Retired Col. James Kasler, the only three-time Air Force Cross recipient and a former prisoner of war, died in Florida on April 24. He was 87, reported the Daily Journal. Kasler enlisted in the Army Air Corps as a B-29 Superfortress tail gunner, flying combat missions over Japan during World War II. After getting his commission, Kasler flew 100 combat missions as an F-86 Sabre pilot over Korea, where he downed six enemy MiGs, becoming one of the first jet aces. On June 29, 1966, Kasler earned his first Air Force Cross as an F-105 Thunderchief pilot leading a strike against a heavily defended target in Hanoi, Vietnam. Just five weeks later, he was awarded a second AFC for braving heavy ground fire while attempting to locate a downed pilot. His aircraft was hit during the search and he ejected, beginning six and a half years of captivity in North Vietnam. He was awarded his third AFC for resisting torture and keeping faith with his fellow captives through unimaginable hardship. Kasler ended his 31-year uniformed career in 1975 as vice commander of the 366th Tactical Fighter Wing at Mountain Home AFB, Idaho. In addition to his three AFCs, Kasler received two Silver Star Medals, nine Distinguished Flying Crosses, and two Bronze Star Medals, reported the Daily Journal. (For more on Kasler, see Valor in Three Wars from the Air Force Magazine archive.)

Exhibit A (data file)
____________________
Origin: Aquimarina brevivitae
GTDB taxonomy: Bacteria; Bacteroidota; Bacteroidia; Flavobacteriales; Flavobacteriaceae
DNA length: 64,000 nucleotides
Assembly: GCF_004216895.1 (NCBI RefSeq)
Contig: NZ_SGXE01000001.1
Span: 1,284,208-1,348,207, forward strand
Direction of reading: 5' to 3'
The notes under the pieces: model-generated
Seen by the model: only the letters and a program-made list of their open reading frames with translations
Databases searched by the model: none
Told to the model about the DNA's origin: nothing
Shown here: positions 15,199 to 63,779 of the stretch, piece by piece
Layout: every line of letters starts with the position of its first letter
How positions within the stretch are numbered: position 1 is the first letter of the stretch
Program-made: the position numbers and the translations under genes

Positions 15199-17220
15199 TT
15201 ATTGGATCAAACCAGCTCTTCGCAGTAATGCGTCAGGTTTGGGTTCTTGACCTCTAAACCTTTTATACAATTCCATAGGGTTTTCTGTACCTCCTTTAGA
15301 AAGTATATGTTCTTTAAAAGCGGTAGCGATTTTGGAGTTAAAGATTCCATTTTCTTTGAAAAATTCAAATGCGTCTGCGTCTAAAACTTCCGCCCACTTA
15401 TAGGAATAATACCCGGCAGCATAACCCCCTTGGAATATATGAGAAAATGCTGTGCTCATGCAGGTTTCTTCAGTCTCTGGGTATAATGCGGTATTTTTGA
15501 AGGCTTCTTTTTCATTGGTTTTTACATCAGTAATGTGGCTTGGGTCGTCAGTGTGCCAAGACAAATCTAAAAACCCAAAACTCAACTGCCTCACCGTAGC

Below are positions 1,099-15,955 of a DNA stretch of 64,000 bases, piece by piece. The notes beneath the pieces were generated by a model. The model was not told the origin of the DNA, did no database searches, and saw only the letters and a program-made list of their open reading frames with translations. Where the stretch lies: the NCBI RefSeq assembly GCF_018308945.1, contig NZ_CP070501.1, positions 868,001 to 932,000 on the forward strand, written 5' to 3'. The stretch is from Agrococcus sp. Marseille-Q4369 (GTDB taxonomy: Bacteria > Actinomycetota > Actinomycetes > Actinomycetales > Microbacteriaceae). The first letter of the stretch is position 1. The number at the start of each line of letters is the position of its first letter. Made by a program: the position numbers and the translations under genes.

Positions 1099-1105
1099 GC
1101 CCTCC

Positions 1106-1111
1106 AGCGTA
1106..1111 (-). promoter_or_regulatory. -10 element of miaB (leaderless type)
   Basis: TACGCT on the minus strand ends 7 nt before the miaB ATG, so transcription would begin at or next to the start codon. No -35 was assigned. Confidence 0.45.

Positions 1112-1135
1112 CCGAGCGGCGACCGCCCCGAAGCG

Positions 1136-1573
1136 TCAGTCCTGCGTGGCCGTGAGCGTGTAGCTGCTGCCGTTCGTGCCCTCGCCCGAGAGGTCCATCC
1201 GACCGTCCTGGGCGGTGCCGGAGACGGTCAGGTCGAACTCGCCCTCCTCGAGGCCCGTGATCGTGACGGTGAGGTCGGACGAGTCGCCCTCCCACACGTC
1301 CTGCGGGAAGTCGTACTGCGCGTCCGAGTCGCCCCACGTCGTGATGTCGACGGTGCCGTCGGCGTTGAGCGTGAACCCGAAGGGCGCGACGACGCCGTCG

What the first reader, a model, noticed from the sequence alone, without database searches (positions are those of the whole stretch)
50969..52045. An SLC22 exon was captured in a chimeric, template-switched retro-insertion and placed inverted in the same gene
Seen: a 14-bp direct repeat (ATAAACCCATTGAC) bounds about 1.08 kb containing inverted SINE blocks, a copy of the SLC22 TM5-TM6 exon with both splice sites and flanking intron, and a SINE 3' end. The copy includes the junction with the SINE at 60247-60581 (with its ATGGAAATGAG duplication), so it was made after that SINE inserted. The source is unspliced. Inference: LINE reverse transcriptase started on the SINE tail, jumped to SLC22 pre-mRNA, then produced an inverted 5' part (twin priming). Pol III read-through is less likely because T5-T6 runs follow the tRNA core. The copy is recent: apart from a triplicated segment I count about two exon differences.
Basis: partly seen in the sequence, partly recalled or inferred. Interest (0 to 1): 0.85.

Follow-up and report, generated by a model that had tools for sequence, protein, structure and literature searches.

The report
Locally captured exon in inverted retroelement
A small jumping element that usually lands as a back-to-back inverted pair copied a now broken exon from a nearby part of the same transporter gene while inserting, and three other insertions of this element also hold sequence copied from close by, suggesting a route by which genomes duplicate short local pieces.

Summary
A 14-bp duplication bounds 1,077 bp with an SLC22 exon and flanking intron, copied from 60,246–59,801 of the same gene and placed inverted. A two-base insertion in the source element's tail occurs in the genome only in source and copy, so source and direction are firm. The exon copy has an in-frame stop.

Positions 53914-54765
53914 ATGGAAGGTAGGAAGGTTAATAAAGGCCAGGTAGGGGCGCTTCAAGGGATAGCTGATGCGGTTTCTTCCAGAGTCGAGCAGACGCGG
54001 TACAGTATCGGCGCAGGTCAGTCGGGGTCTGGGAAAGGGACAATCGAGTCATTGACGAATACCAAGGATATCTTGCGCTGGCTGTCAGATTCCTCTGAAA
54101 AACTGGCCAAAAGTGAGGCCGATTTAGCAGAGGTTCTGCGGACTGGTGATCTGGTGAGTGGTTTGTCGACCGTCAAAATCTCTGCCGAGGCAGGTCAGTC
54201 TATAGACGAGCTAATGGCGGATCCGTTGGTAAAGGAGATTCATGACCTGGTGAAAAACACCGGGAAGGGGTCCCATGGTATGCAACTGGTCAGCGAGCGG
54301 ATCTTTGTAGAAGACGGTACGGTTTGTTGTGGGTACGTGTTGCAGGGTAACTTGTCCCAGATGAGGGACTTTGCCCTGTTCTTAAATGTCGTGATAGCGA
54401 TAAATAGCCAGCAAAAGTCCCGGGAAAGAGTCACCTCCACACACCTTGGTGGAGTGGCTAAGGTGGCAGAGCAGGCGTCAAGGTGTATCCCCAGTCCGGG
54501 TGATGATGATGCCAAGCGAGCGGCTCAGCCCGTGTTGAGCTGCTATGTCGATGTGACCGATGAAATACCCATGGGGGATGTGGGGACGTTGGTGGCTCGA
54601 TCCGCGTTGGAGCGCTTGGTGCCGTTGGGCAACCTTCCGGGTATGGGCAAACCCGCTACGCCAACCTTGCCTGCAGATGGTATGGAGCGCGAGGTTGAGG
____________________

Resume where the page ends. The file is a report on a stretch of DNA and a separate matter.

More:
Former British prime minister and now foreign minister David Cameron urged the U.S. Congress not to stop supporting Ukraine, saying the West has gotten a bargain in dramatically reducing Russia’s military power for a fraction of the U.S. defense budget.